SOURCE: McMillan Arrington for the NHA

On May 10, 2016, Alabama became the 29th state to legalize industrial hemp growth when Republican Governor Robert Bentley signed The Alabama Industrial Hemp Research Program Act (Act 2016-293) into law. This piece of legislation was met with almost unheard of success as it travelled through the complete legislative process in fewer than sixty calendar days.

McMillian Arrington (center)

My interest in industrial hemp began in 2012 as an entrepreneur but accelerated in 2014 when I co-founded BastCore LLC, a company that processes hemp. Hemp has been referred to as a triple-bottom line investment due to its potential to have positive economic, social and environmental impacts. I saw bringing hemp to Alabama as an opportunity to positively benefit my state and local community, while also providing my business and others with a source of locally-grown hemp.

The opportunity for “pilot programs” under Section 7606 of the 2014 Farm Bill is what motivated me to reach out to Commissioner John McMillan of the Alabama Department of Agriculture & Industries. After meeting with the Commissioner several times, he guided me toward Auburn University for purposes of commissioning a white paper. Auburn University studied the potential impact of hemp in Alabama and the results of that white paper suggest that hemp is well-suited for growth in Alabama.

With Commissioner McMillan’s unbridled support and a corroborating white paper from one of the state’s land-grant institutions, I had what I needed to approach the Alabama Legislature to find a sponsor for a bill in Alabama. Senator Paul Bussman and Representative Ken Johnson fearlessly led the charge at the statehouse in support of creating a research program in Alabama.   With the names of these three Alabama leaders behind this effort, I spent countless hours at the statehouse educating other legislators and advocating for industrial hemp. I made presentations before both the Senate and House agriculture committees and testified in a public hearing. Remarkably, the bill’s only vocal opponent admitted during the public hearing that because he became more educated about industrial hemp in the days leading to his testimony, he could no longer oppose the legislation.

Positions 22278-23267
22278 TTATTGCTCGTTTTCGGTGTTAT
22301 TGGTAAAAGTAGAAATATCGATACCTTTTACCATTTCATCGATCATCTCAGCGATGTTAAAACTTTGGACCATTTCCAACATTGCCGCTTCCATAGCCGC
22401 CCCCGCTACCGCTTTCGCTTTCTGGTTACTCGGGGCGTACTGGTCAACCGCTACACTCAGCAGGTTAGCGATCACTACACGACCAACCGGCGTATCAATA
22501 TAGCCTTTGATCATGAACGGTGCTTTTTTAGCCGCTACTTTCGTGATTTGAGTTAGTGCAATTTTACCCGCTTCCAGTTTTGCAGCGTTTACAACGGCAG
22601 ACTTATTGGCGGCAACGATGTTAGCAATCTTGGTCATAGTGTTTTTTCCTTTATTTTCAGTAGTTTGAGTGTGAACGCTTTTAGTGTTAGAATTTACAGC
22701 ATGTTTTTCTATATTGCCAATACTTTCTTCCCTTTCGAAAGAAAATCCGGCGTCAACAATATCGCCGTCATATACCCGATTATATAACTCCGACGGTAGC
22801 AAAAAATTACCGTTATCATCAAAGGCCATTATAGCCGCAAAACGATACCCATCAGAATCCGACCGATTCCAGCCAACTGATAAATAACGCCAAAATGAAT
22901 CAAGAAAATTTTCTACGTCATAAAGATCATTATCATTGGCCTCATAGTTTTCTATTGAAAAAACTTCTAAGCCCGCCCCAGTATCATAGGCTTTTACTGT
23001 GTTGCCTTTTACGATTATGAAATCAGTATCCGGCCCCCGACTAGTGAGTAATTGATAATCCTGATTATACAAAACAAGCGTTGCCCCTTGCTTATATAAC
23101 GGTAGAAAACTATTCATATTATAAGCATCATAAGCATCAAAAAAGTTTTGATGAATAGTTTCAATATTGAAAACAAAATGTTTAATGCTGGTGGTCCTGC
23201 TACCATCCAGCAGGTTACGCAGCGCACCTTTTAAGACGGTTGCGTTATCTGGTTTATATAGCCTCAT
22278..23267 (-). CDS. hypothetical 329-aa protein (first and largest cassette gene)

Companion bills were introduced in both chambers. The House version moved to the Senate on a vote of 94-0 and ultimately moved to the Governor’s desk on a vote of 27-1. The newly created Alabama Industrial Hemp Research Program Act authorizes the Department of Agriculture to administer an industrial hemp research program and to license growers, who may be persons, businesses or cooperatives, to grow industrial hemp. The bill also authorizes institutions of higher education to conduct industrial hemp research.

Now that Governor Bentley has signed the bill, the next step in the process will be for the Department of Agriculture to promulgate rules and regulations necessary to administer the program. It is my hope and reasonable belief that the Department of Agriculture will structure its program to have as wide of a reach as the interest level supports. For this reason, I encourage all farmers, entrepreneurs and other interested persons to contact the Alabama Department of Agriculture to express your interest in this amazing and exciting new opportunity in Alabama.

McMillan Arrington is a Co-Founder of BastCore LLC, investor, entrepreneur, tireless hemp advocate, beekeeper, devoted husband and father of two young daughters.